Issue 14's featured poet is Clay Cantrell, whose "Mississippi Silver Alert" is a lyric work of art. Join us as we talk about form, breathlessness, and resolutions we won't be keeping.
Jacqueline Boucher: Mississippi Silver Alert has this profound, breathless quality to it that immediately engages the reader. How did you come to that choice?
Clay Cantrell: Thanks so much for accepting the poem, and I truly appreciate your reading of it; I think it is apt. That poem is part of a longer batch—which I call the NextDoor poems—that take their titles and other content from headlines that I started to see on the NextDoor community app, I guess a couple of years ago. We moved to this new house, my family. A new kind of domesticity. I used to be obsessed with the Topix online forums. I don’t know if you’re aware of these. They were just hilarious. But they took those down, probably for good reasons. NextDoor is a tamer stand-in (the NextDoor CEOs will probably not endorse my manuscript). Some of these poems have found their ways to journals, but I am still tinkering with the manuscript. Originally, I tried the poems as an exercise in humor. I wanted the domestic sphere to become a witting or unwitting presence in the poems. An accomplice in the mayhem, so to speak. That one, I was thinking, frankly, of poems that deal with dementia, but I wanted it to turn more mysteriously. So, I made the person described someone whose inner life might be surreal, certainly in the poem. I think it kind of plays on the natural lyricism of domestic life, however insane my projections might be.
JB: What role do form and line break play for you in establishing the mood of a piece? If not those, then what elements do you lean on when you’re trying to craft a specific experience for your reader?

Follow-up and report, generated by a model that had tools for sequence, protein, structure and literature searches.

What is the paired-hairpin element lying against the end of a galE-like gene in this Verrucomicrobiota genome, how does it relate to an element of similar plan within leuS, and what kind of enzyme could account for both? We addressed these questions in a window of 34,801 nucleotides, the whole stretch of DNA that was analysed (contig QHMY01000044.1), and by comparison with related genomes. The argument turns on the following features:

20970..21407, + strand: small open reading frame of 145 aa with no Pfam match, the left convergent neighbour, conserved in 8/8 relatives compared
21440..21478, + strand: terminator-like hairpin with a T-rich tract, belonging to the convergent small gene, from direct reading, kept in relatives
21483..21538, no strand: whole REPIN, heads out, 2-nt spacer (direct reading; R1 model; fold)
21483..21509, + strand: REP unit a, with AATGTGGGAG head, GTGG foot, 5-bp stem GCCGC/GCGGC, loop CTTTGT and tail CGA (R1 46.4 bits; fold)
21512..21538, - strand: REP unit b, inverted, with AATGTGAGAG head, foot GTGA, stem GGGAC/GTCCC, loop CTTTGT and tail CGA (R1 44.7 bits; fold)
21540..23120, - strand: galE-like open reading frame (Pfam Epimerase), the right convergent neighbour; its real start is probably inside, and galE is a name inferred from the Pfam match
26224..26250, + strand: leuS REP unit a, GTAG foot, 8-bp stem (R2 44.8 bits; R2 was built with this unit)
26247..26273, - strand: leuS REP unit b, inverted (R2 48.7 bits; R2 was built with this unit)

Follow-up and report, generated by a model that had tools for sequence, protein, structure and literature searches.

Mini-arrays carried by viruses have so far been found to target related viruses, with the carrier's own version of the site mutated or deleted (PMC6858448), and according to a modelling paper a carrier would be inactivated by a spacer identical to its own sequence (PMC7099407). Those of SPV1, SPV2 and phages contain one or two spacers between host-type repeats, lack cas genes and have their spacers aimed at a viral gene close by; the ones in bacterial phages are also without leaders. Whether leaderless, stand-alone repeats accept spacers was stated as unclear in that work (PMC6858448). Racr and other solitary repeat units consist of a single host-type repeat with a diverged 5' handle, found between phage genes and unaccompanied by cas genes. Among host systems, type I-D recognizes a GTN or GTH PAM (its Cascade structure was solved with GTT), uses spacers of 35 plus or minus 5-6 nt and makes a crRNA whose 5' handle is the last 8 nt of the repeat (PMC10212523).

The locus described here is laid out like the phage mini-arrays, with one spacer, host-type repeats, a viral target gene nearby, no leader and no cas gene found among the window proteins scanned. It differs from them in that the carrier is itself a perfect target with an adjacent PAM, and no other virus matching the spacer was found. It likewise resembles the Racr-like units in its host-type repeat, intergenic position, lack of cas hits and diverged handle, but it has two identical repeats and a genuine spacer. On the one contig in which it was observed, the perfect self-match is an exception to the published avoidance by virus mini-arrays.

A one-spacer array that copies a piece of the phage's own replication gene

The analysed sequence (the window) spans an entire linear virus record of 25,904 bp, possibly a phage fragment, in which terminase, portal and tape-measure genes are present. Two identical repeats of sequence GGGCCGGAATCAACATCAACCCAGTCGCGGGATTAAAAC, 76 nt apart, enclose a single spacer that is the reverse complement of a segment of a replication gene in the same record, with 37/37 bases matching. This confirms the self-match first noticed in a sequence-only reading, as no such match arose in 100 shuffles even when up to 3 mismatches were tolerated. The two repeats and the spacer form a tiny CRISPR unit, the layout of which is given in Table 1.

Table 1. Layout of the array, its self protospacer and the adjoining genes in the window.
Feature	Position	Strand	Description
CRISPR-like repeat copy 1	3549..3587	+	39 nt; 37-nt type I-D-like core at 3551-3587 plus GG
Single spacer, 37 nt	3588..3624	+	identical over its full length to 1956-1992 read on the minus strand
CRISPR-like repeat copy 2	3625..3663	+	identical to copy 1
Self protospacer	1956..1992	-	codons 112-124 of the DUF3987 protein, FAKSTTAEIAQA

CC: For me, enjambment can create resonances between images and words that are unexpected; the line breaks can move the reader in unexpected ways. My teacher, John Bensko, was big on this. And then, there is a kind of cumulative effect: not every line need have a real significant line break, but if you sprinkle several throughout a short poem, it can give the poem machinations not found in more prosaic syntax. I do like the brief poem as a vessel for communication, and I admire short stories, often, for their ability to do something special with brevity.
Generally, I try for word choice, imagery, that surprises the reader. I think about syllables, but rarely do I think about meter. I like how Clark Coolidge almost views words or syntactic units as ore that can be mined, repurposed. Again, it can lend itself to a kind of surrealism.
JB: What writing “resolution” are you least likely to keep?
CC: My resolution was to rewrite an essay about Rae Armantrout, but I don’t know if I will make the deadline. So, that, and I have a novel that I need to rewrite, and I suspect that I will not make my arbitrary deadlines!
JB: What are you reading right now that excites you?
CC: Rae Armantrout’s The Pretext—she plays with lyric features in emotionally riveting ways. I like to revisit literature of the 1980s and 1990s. At Surface Noise, in Louisville, I found an autographed copy of Barry Hannah’s Hey Jack! I get excited talking about how Hannah constructs sen
tences. Usually, he includes a modifier where you wouldn’t expect. I couldn’t believe my luck. I am reading this collection of stories called F*ckface, by Leah Hampton, and it’s great. I recently read the two new Cormac McCarthy novels and he will probably always count as a writer who excites me. I am reading Gillian White’s Lyric Shame, Ashleigh Bryant Phillips’ Sleepovers, a book called One Small Step about the first primates in space (I am writing a character who is obsessed with this), and what I view as a neglected James Tate collection from 1997 called Shroud of the Gnome.
JB: What’s your favorite bone?
CC: What a difficult question. I can tell you the more intricate bones of the human body frighten me, and I want nothing to do with them. How about antlers? Do those count? How about Caribou antlers? Ibex tines? Those are the best.